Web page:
Hiking the Eiger Trail, Switzerland

Walking the eiger trail in the shadow of the north face of eiger. one of the Bernese Alps, in Switzerland
The Eiger Trail: Walking beneath the north face of Eiger

An afternoon in the shadow of the Eiger north face

Eiger Trail: Basic Info

Route: Eigergletscher to Apiglen

Descent: around 900 meters

Distance: approx. 6 km

Direction: Choose your poison,  Uphill or downhill –  clearly I went downhill, however, it is not all downhill.

Getting to the Eiger Trail

At Interlaken Ost board the R159 to Lauterbrunnen, then change to the R359 to Klein Scheidegg. On this 45 minute journey to Klein Scheidegg nothing can prepare you for the scenery.  This is stuff that has inspired poems, art, and Disney movies. Deep velvet green valleys, pounding waterfalls, all watched over by the silent sentinels of the Bernese alps. Alight, at Klein Scheidegg (you are almost there) and join the R559 to Jungfraujoch. Warning: during peak summer periods, the station is packed! As you will be boarding the Jungfrau “express”  you may need to wait a while to get on the train to Eigergletscher.

view for the train revealing velvet green valleys and snow capped mountains

Travelling up and up, the train line itself is an impressive feat of engineering,with construction beginning in 1896 –  carving through the heart of mountains, and up some ridiculously steep inclines (if you want to read up on the construction of this railway take at a look at this

Eigergletscher, is one stop away from Jungfraujoch aka “the highest railway station in Europe”, for £140 you too can have the delight of popping up to the viewing platform and jostle for space with the hoards of selfie-taking tourists (there are better, and cheaper places to get similar views, I’ll cover these in later posts). The journey to Eigergletscher from Klein Scheidegg with a Swiss Pass only cost 22CHF (50% discount for Swiss pass holders). 

Alighting at Eigergletscher, ready to see a massive glacier …..Where the fuck is it? I thought. Staring the valley that has been carved out over the centuries by this supposed impressive glacier……peering to my left, I could see it. Indifference was replaced by alarm, you could see how much this glacier had retreated –  at this point an older lady who I’d been speaking to on the train sidled up to me – “is this normal?” “no, 15 years ago the glacier came down to there in the summer” and pointed towards the valley below. Hmmmm, Climate change is real, and this is one of the obvious signs that the weather across the globe is warming.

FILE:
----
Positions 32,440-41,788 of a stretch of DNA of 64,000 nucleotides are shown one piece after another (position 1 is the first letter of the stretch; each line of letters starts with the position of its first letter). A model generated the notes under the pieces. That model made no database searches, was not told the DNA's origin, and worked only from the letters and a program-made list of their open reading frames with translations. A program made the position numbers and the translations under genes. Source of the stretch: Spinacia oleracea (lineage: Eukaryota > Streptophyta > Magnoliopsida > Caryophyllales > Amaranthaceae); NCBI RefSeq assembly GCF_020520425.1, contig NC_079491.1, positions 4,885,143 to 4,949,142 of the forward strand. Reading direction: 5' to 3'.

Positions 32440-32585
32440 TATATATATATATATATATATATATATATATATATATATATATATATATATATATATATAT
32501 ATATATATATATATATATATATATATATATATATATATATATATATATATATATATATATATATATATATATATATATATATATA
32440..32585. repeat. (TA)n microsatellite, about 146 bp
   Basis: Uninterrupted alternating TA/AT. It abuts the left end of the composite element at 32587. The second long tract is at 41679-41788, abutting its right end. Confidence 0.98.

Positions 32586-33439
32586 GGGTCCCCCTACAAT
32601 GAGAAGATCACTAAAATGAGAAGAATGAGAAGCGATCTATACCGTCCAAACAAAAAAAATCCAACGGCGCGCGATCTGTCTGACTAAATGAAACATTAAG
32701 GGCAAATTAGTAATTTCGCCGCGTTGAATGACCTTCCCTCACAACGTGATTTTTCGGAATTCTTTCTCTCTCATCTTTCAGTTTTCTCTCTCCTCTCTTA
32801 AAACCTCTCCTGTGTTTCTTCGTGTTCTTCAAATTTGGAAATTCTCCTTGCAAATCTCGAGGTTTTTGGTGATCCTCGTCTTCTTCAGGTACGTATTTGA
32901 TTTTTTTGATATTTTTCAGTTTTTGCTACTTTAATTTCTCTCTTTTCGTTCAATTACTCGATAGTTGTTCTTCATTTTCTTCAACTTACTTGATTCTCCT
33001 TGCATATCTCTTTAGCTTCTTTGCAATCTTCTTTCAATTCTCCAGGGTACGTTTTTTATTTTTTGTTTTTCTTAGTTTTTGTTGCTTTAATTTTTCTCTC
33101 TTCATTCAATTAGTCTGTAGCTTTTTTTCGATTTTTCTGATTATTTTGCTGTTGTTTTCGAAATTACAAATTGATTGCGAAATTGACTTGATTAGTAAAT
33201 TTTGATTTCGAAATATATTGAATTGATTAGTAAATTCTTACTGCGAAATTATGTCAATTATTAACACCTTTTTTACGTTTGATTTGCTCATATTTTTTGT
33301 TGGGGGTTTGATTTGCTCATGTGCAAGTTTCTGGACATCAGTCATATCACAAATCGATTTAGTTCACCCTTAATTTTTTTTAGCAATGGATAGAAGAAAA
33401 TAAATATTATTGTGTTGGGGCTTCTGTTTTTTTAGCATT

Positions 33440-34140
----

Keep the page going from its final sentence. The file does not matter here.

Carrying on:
The Eiger Trail

The trailhead – Eiger Trail

Now for some hiking.

NOTE: for those with a bit more stamina and calf muscle than I – you can take the trail in theopposite direction – all uphill.

The weather is glorious, the sun beating down on my pasty limbs I set off down from the trailhead, congratulating myself on taking the downhill direction I caught the first tantalising glimpses of the fairy tale village of Grindelwald in the valley far below.

The north face of Eiger is your constant companion for the first third of the trail, you are taken within touching distance of it. It is truly awe-inspiring. My pace for the first section was stalled simply by being distracted by the sheer wall right next to me. Living in one of the flattest towns in the UK where a speed bump is the highest thing around for miles (aside from the buildings) so this was truly something else. 
If you have binoculars handy you may be able to glimpse climbers on the north face.

trail markings red and white stripes on a rock
The Eiger Trail is well marked and easy to follow

The Eiger trail is well marked, and nigh on impossible to get lost – no map is required. It is however incredibly busy in both directions on weekends, used by locals for an afternoon stroll and of course the rest of us.

The Eiger trail in small sections can be quite steep, there are wire ropes installed to assist hikers through these sections. It is worth noting here that proper footwear should be worn (ie hiking boots) due to the trail surface (loose grave, rocky sections, and of course mud) – speaking of which…

Why is it when hiking there is always that one person who is hiking in double denim and cheap leather dress shoes? I think I’ve seen this on every hike I’ve been on year – it this a thing? or it is just a wee bit odd?

Swiss Icons?

And then I heard them…COWBELLS….

One of the classic images in my mind of Switzerland, are the wee caramel cows with bells around their necks, lazily munching on the grass.

A QUICK ASIDE: Now, if you are familiar with the run-ins with cows/bulls (yes there was more than one) I had on Hadrian’s Wall [ read about them here and here] I’m not a fan of animals of the bovine variety.

Following the syncopated symphony of cowbells, my initial excitement was replaced by apprehension, why I thought these cows would be smaller than their UK mates was ridiculous. These are full-size bovines and it seemed at this moment despite the trail being busy I was completely alone.

As I approached, one of the cows (unsurprisingly) seemed to take offense at my presence (why this keeps happening to me, I have no idea – can they smell fear?!) – I mean look at its face.

Swiss cows, with cowbels block the path on the Eiger trail in Switzerland
The look on its face! 

So I waited for some folk to come along the trail, 10 mins later two local gentlemen much to their extreme amusement provided an escort past the highly offended cow (“Swiss cows are friendly and they like people” they said), and I was on my way again.

Despite congratulating myself earlier on selecting the downhill route, my knees at this point were taking exception to the descent, also too, it seemed so was my bladder.